In the corner at another party
I'm overdressed and undersexed,
spitting your way like Rimbaud
spit out his heart.
My cigarette is wet, my black is red
and this drink won't spill
until my neck is what you use
to dry your fangs on.
The salt crusting my lips is sweet,
it streaks the blood with tenderness.
So killer, of course it's you I think of
as I unbutton the cardigan of another boy
shamelessly vomiting champagne
into a beautiful glass toilet.

Grindr 1: Poems actually

Grindr 1

Sexual History, 1984-2012

He slept with no one in 1984.
He slept his way to the high chair in 1985.
He slept behind the Iron Curtain in 1986.
He slept and sucked on his thumb in 1987.
He slept with the enemy action figure in 1988.
He slept while the Wall fell in 1989.
He slept and what they called communism ended in 1990.
He slept on the plane in 1991.
He slept with Bill Clinton on television in 1992.
He slept through everyone who died of AIDS in 1993.
He came in his sleep in 1994.
He slept in America in 1995.
He thought about not sleeping with anyone in 1996.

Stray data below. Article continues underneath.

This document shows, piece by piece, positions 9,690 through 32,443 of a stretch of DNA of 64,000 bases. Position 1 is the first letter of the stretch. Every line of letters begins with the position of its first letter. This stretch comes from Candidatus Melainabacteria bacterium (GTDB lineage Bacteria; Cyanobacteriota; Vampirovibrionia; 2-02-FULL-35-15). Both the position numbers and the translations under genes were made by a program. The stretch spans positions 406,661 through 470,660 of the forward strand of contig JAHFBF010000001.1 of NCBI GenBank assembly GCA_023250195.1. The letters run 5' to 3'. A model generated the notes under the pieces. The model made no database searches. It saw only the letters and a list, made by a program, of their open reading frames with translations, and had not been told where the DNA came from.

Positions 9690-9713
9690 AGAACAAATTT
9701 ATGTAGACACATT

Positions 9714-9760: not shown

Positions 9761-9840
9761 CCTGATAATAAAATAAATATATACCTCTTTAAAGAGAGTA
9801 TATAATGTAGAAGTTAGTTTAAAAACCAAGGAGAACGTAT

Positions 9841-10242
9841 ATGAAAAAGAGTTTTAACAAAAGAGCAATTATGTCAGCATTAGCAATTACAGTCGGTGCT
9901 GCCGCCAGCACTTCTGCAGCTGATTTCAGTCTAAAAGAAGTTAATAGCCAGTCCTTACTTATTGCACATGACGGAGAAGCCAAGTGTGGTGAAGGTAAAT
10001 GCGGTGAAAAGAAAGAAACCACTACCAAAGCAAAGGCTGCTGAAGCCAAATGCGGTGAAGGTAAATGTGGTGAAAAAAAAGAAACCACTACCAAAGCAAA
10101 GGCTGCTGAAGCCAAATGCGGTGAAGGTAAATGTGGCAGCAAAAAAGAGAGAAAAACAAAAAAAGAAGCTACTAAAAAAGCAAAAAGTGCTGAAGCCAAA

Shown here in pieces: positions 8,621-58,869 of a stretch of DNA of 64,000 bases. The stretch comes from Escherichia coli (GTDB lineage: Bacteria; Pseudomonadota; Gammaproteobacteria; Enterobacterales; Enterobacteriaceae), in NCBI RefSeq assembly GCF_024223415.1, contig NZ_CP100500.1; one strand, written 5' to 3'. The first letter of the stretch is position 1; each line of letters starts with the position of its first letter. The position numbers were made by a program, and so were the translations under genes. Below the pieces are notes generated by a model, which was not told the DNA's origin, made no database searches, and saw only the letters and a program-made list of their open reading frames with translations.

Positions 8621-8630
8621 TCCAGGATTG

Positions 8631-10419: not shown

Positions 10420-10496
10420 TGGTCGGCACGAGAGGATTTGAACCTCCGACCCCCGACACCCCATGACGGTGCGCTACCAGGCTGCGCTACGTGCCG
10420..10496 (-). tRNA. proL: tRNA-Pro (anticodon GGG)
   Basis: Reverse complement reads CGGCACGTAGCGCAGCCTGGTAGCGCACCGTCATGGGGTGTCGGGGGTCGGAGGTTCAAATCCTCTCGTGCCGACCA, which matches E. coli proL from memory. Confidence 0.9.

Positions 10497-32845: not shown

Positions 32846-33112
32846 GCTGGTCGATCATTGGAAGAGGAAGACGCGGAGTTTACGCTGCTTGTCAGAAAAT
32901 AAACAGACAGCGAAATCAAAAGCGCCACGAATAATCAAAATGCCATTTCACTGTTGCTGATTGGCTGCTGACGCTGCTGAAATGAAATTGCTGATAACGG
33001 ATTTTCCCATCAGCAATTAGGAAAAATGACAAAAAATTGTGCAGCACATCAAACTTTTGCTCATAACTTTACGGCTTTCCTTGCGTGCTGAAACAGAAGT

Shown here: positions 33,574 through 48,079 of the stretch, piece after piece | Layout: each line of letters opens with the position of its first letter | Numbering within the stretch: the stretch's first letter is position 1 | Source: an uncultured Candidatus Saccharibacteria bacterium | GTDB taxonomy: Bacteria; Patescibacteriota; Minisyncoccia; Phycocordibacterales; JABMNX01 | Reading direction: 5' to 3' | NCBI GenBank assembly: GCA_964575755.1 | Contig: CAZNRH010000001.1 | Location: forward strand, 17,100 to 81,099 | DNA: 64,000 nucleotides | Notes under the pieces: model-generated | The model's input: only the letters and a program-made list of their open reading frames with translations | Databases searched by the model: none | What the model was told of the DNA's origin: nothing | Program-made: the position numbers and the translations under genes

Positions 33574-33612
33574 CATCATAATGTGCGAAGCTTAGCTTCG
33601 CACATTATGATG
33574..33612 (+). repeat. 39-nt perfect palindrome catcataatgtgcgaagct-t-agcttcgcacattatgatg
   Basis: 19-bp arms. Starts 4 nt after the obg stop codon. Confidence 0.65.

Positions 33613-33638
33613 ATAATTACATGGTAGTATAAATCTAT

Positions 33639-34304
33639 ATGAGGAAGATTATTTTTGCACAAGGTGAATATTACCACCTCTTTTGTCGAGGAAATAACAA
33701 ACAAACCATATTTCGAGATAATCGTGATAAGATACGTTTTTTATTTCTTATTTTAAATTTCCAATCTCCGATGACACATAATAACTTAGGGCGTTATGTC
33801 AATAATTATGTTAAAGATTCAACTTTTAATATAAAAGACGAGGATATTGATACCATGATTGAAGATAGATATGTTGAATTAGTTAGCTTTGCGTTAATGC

He wanted to sleep with men in 1997.
He needed to sleep with men in 1998.
He couldn't sleep at all, not during the days or nights in 1999.
He slept with his semen in his mouth in 2000.
He slept with a man but didn't really sleep with him in 2001.
He watched men sleep in 2002.
He wanted to die in his sleep in 2003.
He slept with one person in 2004.
He slept with only that person in 2005.
He hated sleeping with him in 2006.
He kept sleeping with him in 2007.
He slept with someone who looked like the son of a dictator in 2008.
He slept with five people he could remember in 2009.
He slept with nine people in 2010.
He slept with seven people in 2011.
He is asleep in America in 2012.

Grindr 2: Ooh youre a poet

Grindr 2

One American Summer

And what next for kicks on earth,
Ginsberg wrote in one of his journals.
The August night opens like a cut.
All those stories I wrote with black netting
about you—I tell them to cab drivers now
and let them tell me the endings.
I step onto 15th Street and Irving Place
and there's no place for sadness on the sidewalk.
In the park's illegible language,
like a mistake, two boys
pass a cigarette between them.
What they're trying to forget is summer,
what they forget is each other.
In a train somewhere love stalls.
The gutter fills with someone's glitter
and it's boring but beautiful
how glitter has only one purpose.
Why I asked, if I asked,
to be here—I forgot.

Grindr 3: Proust's grave

Grindr 3

We Sleep a Little and We Live

It's some day today, isn't it?
Someone's birthday or deathday,
yes that day, today is an ecstatically sad day.
Christopher, don't you know
we could fall in love so fast
if you only meet me for a drink at six?
All my friends are broke and lonely.